Part of the Human Interconnection workshop by The Reading School. In April 2020, while the world faced the pandemic outbreak of Covid-19, our group consisting of seven people from around the globe connected online for this workshop. By using a reactive reading and writing method; and through discussions; we shared our inner thoughts and different perspectives on work related experiences of living under lockdown. This text is a collection of some conversations and a series of essays published in Parole.
Matters Journal is a weekly digital and biannual print publication telling interconnected stories from the worlds of arts, design, technology, health, food and the environment. Published by Local Peoples.
Poster design for a pseudo-advertising campaign created with Ennic Cehic and Local Peoples for Matters Journal Issue 04. Poster typeface design by Dennis Grauel.
The English language – a tapestry of phonetic conventions, irregularities and idiosyncratic loanwords – offers plentiful ammunition to challenging the NATO alphabet’s hegemony. This zine interrogates the notion of a spelling alphabet through the creation of two speculative alphabets: The Casual Alphabet and The Cursed Alphabet. Pages are divided into thirds with each alphabet occupying the same third throughout. Designed with Dennis Grauel.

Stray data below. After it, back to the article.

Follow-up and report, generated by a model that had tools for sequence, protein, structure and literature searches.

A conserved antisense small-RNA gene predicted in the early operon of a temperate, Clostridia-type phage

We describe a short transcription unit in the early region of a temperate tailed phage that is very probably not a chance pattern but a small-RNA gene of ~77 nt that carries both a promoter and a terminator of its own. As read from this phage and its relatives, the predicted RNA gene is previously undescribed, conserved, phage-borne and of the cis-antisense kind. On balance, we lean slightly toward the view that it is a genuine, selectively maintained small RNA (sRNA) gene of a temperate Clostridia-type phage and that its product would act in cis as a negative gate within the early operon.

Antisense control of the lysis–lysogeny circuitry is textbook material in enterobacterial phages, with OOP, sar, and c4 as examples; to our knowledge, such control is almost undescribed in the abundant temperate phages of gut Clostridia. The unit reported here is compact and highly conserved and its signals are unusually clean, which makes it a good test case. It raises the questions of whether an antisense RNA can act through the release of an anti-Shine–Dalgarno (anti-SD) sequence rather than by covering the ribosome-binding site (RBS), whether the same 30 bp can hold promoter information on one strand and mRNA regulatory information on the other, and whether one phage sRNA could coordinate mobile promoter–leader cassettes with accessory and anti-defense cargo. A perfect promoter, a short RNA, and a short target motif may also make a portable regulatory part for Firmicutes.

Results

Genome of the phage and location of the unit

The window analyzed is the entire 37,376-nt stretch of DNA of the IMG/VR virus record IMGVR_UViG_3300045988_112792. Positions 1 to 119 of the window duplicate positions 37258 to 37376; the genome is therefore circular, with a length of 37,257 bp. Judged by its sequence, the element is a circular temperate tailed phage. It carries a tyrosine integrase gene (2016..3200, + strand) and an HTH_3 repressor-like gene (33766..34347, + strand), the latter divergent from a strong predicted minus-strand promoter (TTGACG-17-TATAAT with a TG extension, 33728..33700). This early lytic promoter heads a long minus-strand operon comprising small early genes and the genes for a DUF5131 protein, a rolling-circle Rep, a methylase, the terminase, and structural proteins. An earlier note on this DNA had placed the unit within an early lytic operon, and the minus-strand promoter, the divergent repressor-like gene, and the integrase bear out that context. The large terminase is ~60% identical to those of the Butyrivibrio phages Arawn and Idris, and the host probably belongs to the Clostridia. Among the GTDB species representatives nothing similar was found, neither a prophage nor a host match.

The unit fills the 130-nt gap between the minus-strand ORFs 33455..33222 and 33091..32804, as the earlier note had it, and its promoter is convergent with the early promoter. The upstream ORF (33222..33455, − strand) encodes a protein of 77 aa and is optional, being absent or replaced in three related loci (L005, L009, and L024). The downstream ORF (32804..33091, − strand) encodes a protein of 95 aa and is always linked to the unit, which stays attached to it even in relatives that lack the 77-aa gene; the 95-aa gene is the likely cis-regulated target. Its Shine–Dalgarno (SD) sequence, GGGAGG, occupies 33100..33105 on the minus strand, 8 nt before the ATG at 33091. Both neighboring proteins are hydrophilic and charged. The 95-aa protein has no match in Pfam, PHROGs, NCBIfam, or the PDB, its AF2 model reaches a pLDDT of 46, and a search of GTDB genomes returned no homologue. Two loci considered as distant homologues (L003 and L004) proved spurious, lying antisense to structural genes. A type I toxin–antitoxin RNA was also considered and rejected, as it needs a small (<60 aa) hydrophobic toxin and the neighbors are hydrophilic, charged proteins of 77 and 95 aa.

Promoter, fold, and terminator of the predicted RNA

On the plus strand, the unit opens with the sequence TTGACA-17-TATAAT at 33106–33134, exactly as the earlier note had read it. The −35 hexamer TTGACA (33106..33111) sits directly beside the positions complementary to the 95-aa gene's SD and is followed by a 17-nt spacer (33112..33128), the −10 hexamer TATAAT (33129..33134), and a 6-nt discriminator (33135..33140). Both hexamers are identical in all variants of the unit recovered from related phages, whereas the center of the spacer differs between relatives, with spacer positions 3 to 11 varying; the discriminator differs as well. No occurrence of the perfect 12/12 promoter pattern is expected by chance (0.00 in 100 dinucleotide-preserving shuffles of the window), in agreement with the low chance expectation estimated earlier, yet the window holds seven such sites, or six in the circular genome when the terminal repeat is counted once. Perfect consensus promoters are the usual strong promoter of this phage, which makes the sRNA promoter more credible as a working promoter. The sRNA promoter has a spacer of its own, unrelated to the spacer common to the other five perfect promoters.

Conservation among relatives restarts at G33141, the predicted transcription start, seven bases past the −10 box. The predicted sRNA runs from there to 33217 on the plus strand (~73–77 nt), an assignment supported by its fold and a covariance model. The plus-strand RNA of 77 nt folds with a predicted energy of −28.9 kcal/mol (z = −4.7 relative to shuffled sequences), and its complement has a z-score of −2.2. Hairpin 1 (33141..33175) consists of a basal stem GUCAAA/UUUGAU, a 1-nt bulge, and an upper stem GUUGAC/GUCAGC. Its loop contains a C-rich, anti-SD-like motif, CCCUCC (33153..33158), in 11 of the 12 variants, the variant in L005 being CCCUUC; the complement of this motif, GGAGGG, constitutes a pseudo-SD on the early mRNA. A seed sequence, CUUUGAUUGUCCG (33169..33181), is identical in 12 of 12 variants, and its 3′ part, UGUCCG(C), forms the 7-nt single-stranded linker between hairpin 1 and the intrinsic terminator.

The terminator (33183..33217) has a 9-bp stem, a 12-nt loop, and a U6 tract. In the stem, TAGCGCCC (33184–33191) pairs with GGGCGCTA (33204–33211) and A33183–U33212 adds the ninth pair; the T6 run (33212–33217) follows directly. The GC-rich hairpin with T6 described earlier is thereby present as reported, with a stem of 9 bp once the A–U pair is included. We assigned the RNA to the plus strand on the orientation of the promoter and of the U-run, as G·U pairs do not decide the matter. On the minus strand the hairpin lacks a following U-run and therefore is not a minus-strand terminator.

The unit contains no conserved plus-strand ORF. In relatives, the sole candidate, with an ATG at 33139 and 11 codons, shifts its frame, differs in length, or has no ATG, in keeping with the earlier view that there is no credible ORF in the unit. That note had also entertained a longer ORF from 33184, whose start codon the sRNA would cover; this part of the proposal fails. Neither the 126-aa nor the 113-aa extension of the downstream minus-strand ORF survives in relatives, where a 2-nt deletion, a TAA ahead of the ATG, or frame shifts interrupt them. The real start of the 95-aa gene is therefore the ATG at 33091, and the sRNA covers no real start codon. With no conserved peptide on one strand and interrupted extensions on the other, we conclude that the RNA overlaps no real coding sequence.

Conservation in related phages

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The book is a collection of essays from the Outrage! lecture series (2013–2019), by RMIT Social Works. Featuring texts on forced migration, inequality, equal opportunity, child welfare and aboriginal children, the environment, homelessness and diversity of lived experience.
The publication was designed for the exhibition, A treasured private notebook by Ella Sowinska and Thea Jones at Metro Arts, Brisbane. It responds to the artists' shared childhood experience of discovering the secret writing practices of their mother.
This catalogue was designed on the occasion of the tour of my parents met at the fish market to ACE Open in Adelaide. Originally commissioned by West Space in 2017, my parents met at the fish market is an immersive exhibition by Jason Phu.